Some Sunni leaders want equal participation in central government. Others want majority-Sunni areas to become a federal, autonomous entity within Iraq. A minority of extremists wants a total war against Shiites. Unfortunately, this minority is well-funded and well-organized, and there are plenty of unemployed young men willing to take up arms.
The US troops pulled out of Iraq in December 2011, marking the last stage of transferring full state sovereignty back into the hands of Iraqi authorities. The oil production is booming, and foreign companies are scrambling for lucrative contracts.
However, political divisions, in combination with a weak state and high unemployment, make Iraq one of the most unstable countries in the Middle East. The country remains deeply scarred by the brutal civil war (2006-08) that has poisoned relations between Iraq’s religious communities for generations to come.
The central government in the capital Baghdad is now dominated by the Shiite Arab majority (about 60% of total pop.), and many Sunni Arabs – who formed the backbone of Saddam Hussein’s regime – feel marginalized.
Iraq’s Kurdish minority, on the other hand, enjoys a strong autonomy in the north of the country, with its own government and security forces. The Kurds are at odds with the central government over the division of oil profits and the final status of mixed Arab-Kurdish territories.
There is still no consensus on what the post-Saddam Iraq should look like. Most Kurds advocate a federal state (and many wouldn’t mind seceding from the Arabs altogether if given a chance), joined by some Sunnis who want autonomy from the Shiite-led central government. Many Shiite politicians living in oil-rich provinces could also live without the interference from Baghdad. On the other side of the debate are the nationalists, both Sunni and Shiites, who advocate a unified Iraq with a strong central government.
Al Qaeda-linked Sunni extremists continue with regular attacks against government targets and Shiites. The potential for economic development is huge, but violence remains endemic, and many Iraqis fear the return of civil war and a possible partition of the country.
Sectarian Tension and Fear of Spillover from Syrian Civil War
The violence is spiking again. April 2013 was the deadliest month since 2008, marked with clashes between Sunni anti-government protesters and security forces, and bomb attacks against Shiites and government targets carried out by the Iraqi branch of Al Qaeda organization. Protesters in Sunni areas of north-western Iraq have been holding daily rallies since late 2012, accusing the Shiite-led central government of discrimination.
The situation is aggravated by the civil war in neighboring Syria. Iraqi Sunnis are sympathetic to the (largely Sunni) Syrian rebels, while the government backs Syrian President Bashar al-Assad who is also allied to Iran. The government fears that Syrian rebels could link with Sunni militants in Iraq, dragging the country back into civil conflict and possible partition along religious/ethnic lines.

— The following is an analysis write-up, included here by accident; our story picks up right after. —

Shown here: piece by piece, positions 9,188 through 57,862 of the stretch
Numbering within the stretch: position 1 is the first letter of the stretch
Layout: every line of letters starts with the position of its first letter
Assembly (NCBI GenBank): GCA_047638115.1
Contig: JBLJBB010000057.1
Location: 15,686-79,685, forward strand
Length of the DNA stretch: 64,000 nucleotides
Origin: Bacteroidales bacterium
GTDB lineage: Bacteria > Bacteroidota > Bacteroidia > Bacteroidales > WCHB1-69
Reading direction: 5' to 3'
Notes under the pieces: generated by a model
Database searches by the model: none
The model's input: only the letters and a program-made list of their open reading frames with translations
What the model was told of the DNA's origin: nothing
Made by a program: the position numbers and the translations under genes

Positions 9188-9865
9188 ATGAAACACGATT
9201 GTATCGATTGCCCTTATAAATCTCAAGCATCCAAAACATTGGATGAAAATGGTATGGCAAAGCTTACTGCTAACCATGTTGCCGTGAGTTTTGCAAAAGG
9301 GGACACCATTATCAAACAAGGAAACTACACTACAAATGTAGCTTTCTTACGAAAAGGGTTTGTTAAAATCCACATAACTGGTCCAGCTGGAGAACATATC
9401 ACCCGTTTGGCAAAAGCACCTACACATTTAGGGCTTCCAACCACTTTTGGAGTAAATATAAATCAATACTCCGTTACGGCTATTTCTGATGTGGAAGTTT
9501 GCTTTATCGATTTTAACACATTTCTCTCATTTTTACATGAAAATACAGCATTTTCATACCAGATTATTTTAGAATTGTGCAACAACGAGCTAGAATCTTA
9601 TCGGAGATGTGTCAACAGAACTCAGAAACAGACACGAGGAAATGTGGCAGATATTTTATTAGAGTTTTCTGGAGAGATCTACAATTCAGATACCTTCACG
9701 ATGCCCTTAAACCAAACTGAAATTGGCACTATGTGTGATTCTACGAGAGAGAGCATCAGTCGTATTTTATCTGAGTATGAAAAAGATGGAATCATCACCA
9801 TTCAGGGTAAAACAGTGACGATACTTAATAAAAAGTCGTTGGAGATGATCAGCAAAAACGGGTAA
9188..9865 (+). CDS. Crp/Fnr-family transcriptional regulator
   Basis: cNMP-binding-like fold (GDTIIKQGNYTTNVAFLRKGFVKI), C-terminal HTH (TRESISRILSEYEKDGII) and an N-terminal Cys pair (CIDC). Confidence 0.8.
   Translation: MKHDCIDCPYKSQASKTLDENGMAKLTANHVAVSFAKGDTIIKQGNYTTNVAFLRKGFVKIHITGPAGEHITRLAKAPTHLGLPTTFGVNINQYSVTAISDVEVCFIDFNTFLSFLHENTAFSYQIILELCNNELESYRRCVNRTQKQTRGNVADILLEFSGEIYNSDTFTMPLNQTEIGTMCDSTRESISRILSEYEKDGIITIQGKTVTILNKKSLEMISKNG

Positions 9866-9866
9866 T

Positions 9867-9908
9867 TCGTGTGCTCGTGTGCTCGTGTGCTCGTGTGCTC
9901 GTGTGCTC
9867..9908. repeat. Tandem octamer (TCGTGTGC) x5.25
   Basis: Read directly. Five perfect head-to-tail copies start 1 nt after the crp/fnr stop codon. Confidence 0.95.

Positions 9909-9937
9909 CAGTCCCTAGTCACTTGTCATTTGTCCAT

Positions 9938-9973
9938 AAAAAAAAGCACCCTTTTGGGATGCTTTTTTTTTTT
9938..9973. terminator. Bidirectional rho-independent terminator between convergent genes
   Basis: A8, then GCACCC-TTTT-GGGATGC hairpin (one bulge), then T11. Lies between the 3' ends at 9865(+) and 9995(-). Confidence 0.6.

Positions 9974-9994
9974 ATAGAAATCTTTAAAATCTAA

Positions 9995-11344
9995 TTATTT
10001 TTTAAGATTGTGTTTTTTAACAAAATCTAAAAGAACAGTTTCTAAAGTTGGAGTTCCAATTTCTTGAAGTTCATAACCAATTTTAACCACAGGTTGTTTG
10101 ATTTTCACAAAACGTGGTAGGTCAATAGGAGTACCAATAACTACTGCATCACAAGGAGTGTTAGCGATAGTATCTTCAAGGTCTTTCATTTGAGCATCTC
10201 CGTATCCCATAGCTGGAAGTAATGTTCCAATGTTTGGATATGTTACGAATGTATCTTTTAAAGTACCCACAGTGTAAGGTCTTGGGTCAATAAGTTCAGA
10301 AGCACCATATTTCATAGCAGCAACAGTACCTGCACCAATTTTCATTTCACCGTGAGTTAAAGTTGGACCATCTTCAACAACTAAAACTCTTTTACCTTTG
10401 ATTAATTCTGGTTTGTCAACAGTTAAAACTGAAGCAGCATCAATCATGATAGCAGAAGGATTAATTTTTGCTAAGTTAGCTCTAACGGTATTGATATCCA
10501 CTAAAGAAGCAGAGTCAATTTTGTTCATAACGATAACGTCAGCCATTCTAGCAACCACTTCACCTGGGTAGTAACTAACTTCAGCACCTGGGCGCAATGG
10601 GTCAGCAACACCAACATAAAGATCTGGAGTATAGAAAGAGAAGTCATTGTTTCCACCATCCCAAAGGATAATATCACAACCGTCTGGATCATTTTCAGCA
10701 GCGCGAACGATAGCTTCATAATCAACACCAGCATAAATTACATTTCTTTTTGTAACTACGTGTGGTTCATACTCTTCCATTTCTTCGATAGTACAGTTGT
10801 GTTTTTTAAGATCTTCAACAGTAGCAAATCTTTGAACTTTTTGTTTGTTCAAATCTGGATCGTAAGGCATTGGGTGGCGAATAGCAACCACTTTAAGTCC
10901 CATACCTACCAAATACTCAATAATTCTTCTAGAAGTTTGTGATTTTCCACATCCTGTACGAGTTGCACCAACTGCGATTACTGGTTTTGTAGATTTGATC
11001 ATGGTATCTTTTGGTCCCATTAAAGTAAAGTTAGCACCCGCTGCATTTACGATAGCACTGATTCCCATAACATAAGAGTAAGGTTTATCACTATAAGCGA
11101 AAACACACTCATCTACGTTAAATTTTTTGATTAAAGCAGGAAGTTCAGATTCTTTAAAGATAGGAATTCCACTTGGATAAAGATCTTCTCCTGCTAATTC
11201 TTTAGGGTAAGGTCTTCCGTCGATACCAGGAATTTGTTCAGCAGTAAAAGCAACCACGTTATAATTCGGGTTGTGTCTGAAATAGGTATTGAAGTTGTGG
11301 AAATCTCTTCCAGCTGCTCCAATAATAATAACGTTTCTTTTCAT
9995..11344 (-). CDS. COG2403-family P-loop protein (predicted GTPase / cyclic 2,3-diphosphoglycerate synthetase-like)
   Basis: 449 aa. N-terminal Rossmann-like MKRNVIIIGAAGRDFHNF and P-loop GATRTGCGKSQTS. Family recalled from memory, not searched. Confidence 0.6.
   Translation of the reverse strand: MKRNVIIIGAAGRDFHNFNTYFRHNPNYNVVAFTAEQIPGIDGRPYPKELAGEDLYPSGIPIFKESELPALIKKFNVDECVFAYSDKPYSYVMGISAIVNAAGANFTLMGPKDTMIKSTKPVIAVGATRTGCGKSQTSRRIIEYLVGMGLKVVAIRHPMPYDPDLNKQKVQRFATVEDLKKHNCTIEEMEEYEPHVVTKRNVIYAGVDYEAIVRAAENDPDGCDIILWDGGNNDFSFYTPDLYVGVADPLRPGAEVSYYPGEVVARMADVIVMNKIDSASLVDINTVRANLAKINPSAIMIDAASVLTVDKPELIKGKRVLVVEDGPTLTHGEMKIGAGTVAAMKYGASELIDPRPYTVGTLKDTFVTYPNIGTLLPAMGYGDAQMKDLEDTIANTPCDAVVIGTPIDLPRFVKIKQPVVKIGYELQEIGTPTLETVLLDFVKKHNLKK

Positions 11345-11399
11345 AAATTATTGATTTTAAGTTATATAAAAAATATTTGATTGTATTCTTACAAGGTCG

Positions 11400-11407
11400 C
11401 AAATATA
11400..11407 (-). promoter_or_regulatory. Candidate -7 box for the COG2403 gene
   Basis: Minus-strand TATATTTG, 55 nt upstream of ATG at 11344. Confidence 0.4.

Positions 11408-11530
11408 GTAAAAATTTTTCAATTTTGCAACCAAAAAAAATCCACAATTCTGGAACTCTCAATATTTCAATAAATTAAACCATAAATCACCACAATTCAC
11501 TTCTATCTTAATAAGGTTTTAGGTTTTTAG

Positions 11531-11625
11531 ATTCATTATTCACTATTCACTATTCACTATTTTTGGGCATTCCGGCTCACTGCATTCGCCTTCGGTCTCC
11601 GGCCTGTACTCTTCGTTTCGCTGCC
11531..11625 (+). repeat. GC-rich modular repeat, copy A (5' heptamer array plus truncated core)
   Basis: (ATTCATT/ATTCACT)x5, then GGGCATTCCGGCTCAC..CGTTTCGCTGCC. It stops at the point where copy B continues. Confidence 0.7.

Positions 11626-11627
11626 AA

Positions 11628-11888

The Iraqi Government
- Prime Minister Nuri al-Maliki: Iraq’s central government is a dysfunctional coalition of Shiite, Sunni and Kurdish leaders. Maliki, a Shiite, has emerged as the strongest politician in Iraq, a master tactician who enjoys close relations both with the US and Iran.
- Kurdistan Regional Government (KRG): While Kurdish leaders participate in the central state institutions in Baghdad – navigating between Sunnis and Shiites – they do as they please in their autonomous entity in the Kurdish north. The Barzanis and the Talabanis are the two most powerful Kurdish families. Their flourishing trade relationship with Turkey, despite the Kurdish issue in that country, shows that everything is possible in politics.
In and out of government, the movement of Shiite cleric Moqtada al-Sadr is Iraq’s answer to the Lebanese Hezbollah movement. This Islamist group appeals to low-income Shiites with a network of charities. Its armed wing has fought against the government forces, rival Shiite groups, and against Sunni militias.
Sunni tribal leaders: Sunni politicians in Baghdad have lost much of their credibility through association with the Maliki government. But traditional community leaders in Sunni areas have been at the centre of opposition to the Shiite-led government, and have backed the efforts to counter the influence of Al Qaeda extremists.
The so-called Islamic State in Iraq (ISI) is a deadly terrorist outfit that specializes in highly-lethal car bombings. ISI’s traditional base is small Sunni towns in the Anbar province, but its unofficial capital is now Mosul, Iraq’s second largest city.
Refer to this video for a visual and simple explanation of the entire situation in Iraq. Complete credits to the creator of the video.